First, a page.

Homophones sure can mess things up if used incorrectly. Simple words like warn and worn get mixed up all the time, and it’s an easy mistake to make because of a single letter difference. So, I’ll take a moment to explain their meanings and intents and share a few sentence examples with you to show how you can use them correctly.
Worn vs. Warn: What’s the Difference?
The meaning of warn is cautionary advice to inform someone about a kind of danger or some other negative situation. It’s a verb, and we commonly use it in everyday speech and different forms of writing.
Then, worn is the past participle of the verb wear and is used to describe something that’s been used a lot or affected by wear over time. You can use worn as an adjective when describing the appearance of an object or a person affected by wear.
How to Remember the Difference
Easy peasy! The way I remember is that warn comes from warning and that worn has the letter o like old, which is how something looks when it’s really worn out.
Synonyms for Warn
Don’t want to be too repetitive in your writing? Try one of these words that have a similar meaning to warn.
Synonyms for Worn
Spruce up your vocabulary and try using any of these colorful words instead of worn.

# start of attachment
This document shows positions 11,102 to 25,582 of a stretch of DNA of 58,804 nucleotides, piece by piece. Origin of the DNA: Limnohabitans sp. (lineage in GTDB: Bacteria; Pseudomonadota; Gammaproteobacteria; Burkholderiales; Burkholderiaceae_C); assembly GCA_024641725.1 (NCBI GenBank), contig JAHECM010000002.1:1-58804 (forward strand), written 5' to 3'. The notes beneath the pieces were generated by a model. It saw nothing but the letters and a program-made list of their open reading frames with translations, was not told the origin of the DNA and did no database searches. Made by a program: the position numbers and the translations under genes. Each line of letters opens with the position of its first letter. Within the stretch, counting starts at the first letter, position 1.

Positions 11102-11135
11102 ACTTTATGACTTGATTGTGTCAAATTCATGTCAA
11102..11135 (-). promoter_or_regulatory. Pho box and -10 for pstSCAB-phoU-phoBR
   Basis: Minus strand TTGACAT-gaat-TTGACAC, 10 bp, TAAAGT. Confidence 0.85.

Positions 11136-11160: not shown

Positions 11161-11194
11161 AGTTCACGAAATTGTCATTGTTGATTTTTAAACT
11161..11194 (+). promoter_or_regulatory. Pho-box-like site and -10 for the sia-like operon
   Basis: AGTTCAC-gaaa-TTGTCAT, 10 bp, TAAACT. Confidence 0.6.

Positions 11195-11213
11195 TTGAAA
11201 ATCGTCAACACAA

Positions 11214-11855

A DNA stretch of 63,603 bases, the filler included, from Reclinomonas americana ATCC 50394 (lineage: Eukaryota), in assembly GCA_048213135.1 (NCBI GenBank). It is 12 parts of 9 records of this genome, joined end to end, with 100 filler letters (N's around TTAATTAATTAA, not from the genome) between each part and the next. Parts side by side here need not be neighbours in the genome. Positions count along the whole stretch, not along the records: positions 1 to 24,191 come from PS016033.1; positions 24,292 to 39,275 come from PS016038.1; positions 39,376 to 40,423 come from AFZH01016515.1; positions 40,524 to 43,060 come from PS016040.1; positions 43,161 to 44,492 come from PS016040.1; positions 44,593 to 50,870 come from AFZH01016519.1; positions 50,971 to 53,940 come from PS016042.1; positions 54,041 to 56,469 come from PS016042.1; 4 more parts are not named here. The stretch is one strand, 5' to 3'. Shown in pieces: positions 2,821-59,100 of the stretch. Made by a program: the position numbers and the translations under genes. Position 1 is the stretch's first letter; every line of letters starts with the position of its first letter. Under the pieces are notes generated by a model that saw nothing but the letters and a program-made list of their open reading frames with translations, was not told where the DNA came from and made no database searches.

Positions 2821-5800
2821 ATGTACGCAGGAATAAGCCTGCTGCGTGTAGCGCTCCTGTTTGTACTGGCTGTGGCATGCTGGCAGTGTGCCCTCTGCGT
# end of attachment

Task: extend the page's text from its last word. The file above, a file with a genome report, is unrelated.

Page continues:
Warn Examples in a Sentence
Seeing how you can use this word in the context of a sentence should help you understand it better.
- The lifeguard warned the swimmers about the dangerous currents and advised them to stay close to shore.
- I tried to warn my mother about the slippery floor as I mopped, but she didn’t listen and slipped.
- The weather report warned of a severe snowstorm approaching western Newfoundland.
- My math teacher warned every student not to cheat on the test because she’d be watching.
- The police officer warned the other driver involved about the consequences of speeding.
Worn Examples in a Sentence
Here are all the different ways you can use the word worn in conversation and in writing.
- My kid’s worn-out shoes had seen better days, but he said they were still comfortable.
- The old, worn book was a cherished family heirloom, so I had it professionally restored.
- The antique chair my mom gave me was worn and creaky, but it had a certain charm that I really liked.
- The single mother’s worn expression revealed the exhaustion she felt after a long day working two jobs and raising her son.
- I felt comfortable taking the path through the woods because it was well-worn, and I knew people frequented it every day.
- This maker is all worn out and wrecked the drawing I was creating.
Final Words on Warn and Worn
Homophones are tricky but get easier with practice. Just be sure to remember the tricks I showed you. Warn is like warning, and worn is how something appears when it’s been used a lot. If you want to add some more homophones to your vocab, check out my other helpful guides!